By Rev Angela C Bosfield Palacious
Usually the phrase “hoping for the best” means to be in a difficult situation with no guarantee of the outcome, but there is the desire to not lose hope. Is this where you find yourself right now? Is your heart heavy for one reason or another? Let me share with you some of the words of comfort, found in the Old Testament Minor Prophet Zephaniah, about what it means to hope for the best that is already promised: “The Lord your God is with you, he is mighty to save. He will take great delight in you, he will quiet you with his love, he will rejoice over you with singing.” (Zephaniah 3: 17 NRSV). This was a future hope for a people under judgement, but we know that there is a present hope for us in the gift of the cross and the Holy Spirit. This same God makes a promise never to leave or forsake us, and will be with us to the end of the ages (Matthew 28: 20).
The Lord your God is with you right now in the midst of what you are going through and will make it into a blessing somehow at some time. To trust in God is to hope for God’s best to take your life in a new direction, to a new level, or strengthen you to hold fast to where you are. When it is time to leave Sodom and Gomorrah, or whatever represents a death grip on your possibilities, you will know. Truly, another door somehow opens and you have the opportunity to move on to a better place and become a better person.
Remember the story of Lot’s family in Genesis 19:12-17 NIV:12 ? The two men said to Lot, “Do you have anyone else here—sons-in-law, sons or daughters, or anyone else in the city who belongs to you? Get them out of here,13 because we are going to destroy this place. The outcry to the Lord against its people is so great that he has sent us to destroy it.” So Lot went out and spoke to his sons-in-law, who were pledged to marry his daughters. He said, ‘Hurry and get out of this place, because the Lord is about to destroy the city!’ But his sons-in-law thought he was joking.
“With the coming of dawn, the angels urged Lot, saying, ‘Hurry! Take your wife and your two daughters who are here, or you will be swept away when the city is punished.’ When he hesitated, the men grasped his hand and the hands of his wife and of his two daughters and led them safely out of the city, for the Lord was merciful to them. As soon as they had brought them out, one of them said, ‘Flee for your lives! Don’t look back, and don’t stop anywhere in the plain! Flee to the mountains or you will be swept away!’
How willing are you to embrace God’s solution to an old problem? How ready are you to follow the direction of the Holy Spirit to discover an unexpected Promised Land? If you wholeheartedly love the Lord, and desire to obey the Lord, you will find yourself ready to risk whatever it is that the Lord seems to be asking. Nothing and no-one should mean more to you than God, and your best is directly related to your level of co-operation. We cannot hope for the best to become our best if we keep going opposite to what God says is good for us.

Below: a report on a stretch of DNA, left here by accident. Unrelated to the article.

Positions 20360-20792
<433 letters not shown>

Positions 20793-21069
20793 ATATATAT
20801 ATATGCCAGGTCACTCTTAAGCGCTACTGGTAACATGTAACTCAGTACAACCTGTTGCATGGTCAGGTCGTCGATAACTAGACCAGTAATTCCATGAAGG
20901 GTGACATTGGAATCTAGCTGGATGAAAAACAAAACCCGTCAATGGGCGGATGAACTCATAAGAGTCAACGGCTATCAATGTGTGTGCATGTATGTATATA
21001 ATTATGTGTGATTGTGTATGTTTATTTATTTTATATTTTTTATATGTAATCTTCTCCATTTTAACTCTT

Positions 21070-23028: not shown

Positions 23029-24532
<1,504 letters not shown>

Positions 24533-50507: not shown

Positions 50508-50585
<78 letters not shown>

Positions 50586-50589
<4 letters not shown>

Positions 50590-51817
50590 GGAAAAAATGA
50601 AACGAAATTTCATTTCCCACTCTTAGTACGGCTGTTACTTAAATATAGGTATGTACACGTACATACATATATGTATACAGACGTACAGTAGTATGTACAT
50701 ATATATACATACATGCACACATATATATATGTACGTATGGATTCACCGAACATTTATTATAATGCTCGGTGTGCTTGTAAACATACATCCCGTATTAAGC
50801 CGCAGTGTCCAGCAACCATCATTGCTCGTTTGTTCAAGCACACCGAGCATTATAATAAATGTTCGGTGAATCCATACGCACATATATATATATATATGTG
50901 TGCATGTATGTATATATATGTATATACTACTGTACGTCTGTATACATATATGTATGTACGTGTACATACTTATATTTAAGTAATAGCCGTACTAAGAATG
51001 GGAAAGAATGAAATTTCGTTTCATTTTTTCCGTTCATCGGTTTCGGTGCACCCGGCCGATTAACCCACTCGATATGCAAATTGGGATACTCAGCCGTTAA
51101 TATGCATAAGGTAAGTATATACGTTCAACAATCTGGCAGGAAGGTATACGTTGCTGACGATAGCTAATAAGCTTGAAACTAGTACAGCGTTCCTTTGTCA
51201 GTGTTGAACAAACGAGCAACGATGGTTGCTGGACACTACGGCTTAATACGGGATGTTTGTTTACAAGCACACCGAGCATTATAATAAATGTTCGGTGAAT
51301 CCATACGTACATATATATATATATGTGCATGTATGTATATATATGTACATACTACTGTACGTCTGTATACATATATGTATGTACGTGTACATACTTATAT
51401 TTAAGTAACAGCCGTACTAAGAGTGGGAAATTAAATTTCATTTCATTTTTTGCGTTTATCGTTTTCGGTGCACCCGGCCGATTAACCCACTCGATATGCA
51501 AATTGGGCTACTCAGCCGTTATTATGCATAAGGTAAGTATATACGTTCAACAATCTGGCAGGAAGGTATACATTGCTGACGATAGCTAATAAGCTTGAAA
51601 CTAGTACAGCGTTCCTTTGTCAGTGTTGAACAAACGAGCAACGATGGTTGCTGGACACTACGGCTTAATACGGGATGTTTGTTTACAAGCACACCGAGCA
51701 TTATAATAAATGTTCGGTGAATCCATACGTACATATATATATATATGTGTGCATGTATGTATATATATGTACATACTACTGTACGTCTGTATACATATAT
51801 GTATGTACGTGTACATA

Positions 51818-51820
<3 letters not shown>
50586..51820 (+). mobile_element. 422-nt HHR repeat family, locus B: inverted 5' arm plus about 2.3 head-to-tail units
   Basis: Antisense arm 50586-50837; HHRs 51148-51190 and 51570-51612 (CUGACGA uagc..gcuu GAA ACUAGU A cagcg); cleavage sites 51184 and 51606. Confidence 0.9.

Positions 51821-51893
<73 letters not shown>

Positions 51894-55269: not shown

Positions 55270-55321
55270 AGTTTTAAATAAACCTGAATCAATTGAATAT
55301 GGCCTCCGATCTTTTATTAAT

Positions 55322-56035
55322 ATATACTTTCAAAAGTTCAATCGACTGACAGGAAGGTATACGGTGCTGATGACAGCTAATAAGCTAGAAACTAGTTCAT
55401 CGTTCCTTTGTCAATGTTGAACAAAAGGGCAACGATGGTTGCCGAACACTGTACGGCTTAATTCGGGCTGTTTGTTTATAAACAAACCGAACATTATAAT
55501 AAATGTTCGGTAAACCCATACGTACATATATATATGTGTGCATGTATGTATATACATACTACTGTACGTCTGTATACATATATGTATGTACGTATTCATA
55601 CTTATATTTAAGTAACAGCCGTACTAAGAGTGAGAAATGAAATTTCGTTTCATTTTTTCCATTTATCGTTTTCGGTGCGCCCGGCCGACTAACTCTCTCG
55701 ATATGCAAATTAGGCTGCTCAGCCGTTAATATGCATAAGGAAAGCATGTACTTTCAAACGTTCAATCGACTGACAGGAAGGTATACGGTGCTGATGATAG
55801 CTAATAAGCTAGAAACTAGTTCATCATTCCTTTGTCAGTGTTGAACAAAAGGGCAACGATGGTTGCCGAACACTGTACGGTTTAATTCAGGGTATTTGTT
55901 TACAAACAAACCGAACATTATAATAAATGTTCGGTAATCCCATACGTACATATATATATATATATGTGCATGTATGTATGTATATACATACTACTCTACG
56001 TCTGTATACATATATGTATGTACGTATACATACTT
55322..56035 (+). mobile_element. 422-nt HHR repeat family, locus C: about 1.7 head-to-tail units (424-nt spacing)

St Paul writes in Romans 7: 14-19 NIV: “We know that the law is spiritual; but I am unspiritual, sold as a slave to sin. I do not understand what I do. For what I want to do I do not do, but what I hate I do. And if I do what I do not want to do, I agree that the law is good. As it is, it is no longer I myself who do it, but it is sin living in me. For I know that good itself does not dwell in me, that is, in my sinful nature. For I have the desire to do what is good, but I cannot carry it out. For I do not do the good I want to do, but the evil I do not want to do—this I keep on doing.”
What is it that is getting in the way of your choosing a better way? Is there a dependency of some sort that is controlling your life? Nicotine, caffeine, cocaine, marijuana, prescription drugs, and alcohol are just some of the substances that seem to have us in slavery as a people. Add to this, unhealthy relationships, gambling, deadly debts, job insecurity or dissatisfaction, and we can begin to see that we have to change our attitudes to the daily decisions that we make. We have to be free of all of this to be fully emancipated, fully free.
If our young people are to begin with relatively clean slates then we have to re-examine what we think is the best that we can offer them. What do we teach them about our ideals for a relationship? What do we teach them about the handling of their finances? What do we teach them about addictions and abuse? Can we help them to hope for the best if we consistently offer them models that are less than the best?
These are the last words recorded before Moses’ death and they are strong words for us today: “When Moses finished reciting all these words to all Israel, he said to them, ‘Take to heart all the words I have solemnly declared to you this day, so that you may command your children to obey carefully all the words of this law. They are not just idle words for you—they are your life. By them you will live long in the land you are crossing the Jordan to possess’.”
It is time for us to combine hoping for the best with praying to be our best, and seeking to allow the Holy Spirit to make that best more visible.
• Rev Angela Palacious, a motivational speaker and author of several devotional books, is an Anglican priest. She may be contacted at 393-9000 or by e-mail at firstname.lastname@example.org.